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Opinion | The real meaning of Memorial Day

You often hear well-meaning people wish you “a happy Memorial Day.” They are likely referring to the Monday off work, the barbeques, the celebrations, and the time with family. While we are all too polite to correct them, happy Memorial Day is not the appropriate greeting.

This weekend at church and at the Pelican Reef Restaurant for Sunday dinner, I intentionally wished others a “blessed Memorial Sunday.” It seemed to work.

Memorial Day is a federal holiday in the United States and a state holiday in Alabama. It is for remembering those who died while serving in the country’s armed forces. The holiday, which is observed on the last Monday of May, is held on May 28, 2018. It marks the unofficial start of the summer vacation season, while Labor Day marks its end.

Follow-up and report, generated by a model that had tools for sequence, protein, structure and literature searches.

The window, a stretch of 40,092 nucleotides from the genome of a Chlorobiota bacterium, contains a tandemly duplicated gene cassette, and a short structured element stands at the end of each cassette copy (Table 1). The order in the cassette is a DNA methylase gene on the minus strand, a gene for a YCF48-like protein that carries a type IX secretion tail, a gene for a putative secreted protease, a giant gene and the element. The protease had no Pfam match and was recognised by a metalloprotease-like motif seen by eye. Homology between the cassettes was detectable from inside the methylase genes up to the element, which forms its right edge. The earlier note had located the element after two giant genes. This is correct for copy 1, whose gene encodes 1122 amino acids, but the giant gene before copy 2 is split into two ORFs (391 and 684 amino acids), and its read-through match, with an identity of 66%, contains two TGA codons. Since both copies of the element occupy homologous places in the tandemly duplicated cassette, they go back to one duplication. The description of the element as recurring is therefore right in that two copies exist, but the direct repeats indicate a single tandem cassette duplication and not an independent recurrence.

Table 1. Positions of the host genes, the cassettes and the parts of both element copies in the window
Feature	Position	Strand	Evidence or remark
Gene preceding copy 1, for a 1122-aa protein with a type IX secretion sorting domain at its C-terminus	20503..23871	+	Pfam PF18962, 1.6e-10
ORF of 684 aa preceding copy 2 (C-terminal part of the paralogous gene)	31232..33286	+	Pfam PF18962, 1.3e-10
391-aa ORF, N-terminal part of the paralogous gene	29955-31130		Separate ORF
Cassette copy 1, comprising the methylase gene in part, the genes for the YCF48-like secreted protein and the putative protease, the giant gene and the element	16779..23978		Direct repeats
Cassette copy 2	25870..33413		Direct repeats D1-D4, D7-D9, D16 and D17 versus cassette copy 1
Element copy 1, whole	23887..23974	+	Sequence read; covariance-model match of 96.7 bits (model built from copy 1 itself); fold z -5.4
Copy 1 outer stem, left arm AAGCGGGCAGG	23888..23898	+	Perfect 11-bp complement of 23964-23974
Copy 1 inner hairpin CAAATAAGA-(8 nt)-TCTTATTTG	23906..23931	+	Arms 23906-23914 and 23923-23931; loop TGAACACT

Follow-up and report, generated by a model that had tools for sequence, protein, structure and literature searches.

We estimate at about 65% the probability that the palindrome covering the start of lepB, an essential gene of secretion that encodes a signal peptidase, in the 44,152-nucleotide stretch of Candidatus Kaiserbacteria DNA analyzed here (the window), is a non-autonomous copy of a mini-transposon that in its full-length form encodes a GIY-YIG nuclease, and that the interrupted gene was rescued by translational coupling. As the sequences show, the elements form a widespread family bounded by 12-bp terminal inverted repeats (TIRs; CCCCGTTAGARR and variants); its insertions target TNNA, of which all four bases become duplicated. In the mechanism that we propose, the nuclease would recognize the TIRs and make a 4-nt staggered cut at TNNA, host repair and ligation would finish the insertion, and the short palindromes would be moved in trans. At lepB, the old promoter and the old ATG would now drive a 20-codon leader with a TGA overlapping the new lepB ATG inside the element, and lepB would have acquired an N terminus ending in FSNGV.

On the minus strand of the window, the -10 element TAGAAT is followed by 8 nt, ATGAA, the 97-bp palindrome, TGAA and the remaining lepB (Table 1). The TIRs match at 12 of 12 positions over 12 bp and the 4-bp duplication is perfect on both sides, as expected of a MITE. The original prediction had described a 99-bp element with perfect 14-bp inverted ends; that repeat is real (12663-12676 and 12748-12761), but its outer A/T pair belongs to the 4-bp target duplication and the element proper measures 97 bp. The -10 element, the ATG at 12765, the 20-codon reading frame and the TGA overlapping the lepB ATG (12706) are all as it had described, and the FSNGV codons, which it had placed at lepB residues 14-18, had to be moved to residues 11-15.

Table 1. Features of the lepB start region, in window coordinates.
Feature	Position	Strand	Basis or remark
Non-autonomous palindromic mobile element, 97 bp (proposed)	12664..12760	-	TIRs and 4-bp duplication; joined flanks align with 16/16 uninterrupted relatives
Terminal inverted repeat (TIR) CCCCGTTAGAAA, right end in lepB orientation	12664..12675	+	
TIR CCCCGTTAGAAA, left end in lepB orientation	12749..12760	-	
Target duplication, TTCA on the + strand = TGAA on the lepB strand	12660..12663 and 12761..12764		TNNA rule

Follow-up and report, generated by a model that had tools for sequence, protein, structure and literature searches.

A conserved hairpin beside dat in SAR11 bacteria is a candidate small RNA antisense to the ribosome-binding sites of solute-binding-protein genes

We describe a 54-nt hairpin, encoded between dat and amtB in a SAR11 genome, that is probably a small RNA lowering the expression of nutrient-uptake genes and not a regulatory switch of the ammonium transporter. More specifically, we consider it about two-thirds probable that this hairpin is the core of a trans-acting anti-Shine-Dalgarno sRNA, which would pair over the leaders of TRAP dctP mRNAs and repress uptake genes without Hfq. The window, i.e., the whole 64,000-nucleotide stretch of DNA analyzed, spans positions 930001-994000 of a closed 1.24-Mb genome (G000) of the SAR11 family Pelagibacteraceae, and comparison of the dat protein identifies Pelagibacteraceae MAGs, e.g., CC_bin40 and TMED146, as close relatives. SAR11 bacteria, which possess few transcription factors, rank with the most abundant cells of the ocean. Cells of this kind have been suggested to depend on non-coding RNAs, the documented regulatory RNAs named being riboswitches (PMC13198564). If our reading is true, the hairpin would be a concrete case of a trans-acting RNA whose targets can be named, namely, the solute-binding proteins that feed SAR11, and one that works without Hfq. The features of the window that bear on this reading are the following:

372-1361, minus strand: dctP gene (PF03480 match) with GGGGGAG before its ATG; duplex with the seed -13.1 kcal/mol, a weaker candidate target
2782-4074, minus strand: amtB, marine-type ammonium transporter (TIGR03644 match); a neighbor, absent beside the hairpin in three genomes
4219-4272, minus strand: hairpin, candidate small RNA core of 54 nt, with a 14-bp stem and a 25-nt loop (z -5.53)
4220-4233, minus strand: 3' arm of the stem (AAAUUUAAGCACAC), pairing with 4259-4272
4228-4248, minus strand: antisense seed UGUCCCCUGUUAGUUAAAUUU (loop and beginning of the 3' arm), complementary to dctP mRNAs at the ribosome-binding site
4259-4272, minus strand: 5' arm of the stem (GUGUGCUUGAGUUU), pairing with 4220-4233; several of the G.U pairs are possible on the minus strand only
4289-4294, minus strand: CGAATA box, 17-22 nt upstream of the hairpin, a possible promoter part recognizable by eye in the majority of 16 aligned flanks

In decades past, the day was named “Decoration Day.” Many people continue to visit cemeteries and memorials, particularly to honor those who died in military service. Many volunteers place American flags on each grave in national cemeteries. My father-in-law and mother-in-law, Lt. Jack Malloy and wife Etta Marie Malloy, are buried and remembered in the National Cemetery in Beaufort, South Carolina near Parris Island, where incoming Marines train.

Memorial Day is often confused with Veterans Day. Memorial Day is for remembering the men and women who died while serving, while Veterans Day celebrates the prior service of all U.S. military veterans. It is also not to be confused with Armed Forces Day, a lesser-known remembrance celebrated earlier in May, which honors those currently serving in the U.S. military.

Freedom is not free. It comes at a high price. All veterans gave some, and some gave all. Memorial Day is to remember those who gave all.

Jim Zeigler is the elected State Auditor of Alabama. Prior to 2014, he was a certified veterans’ attorney, representing veterans in obtaining the elder care benefits which their service earned.

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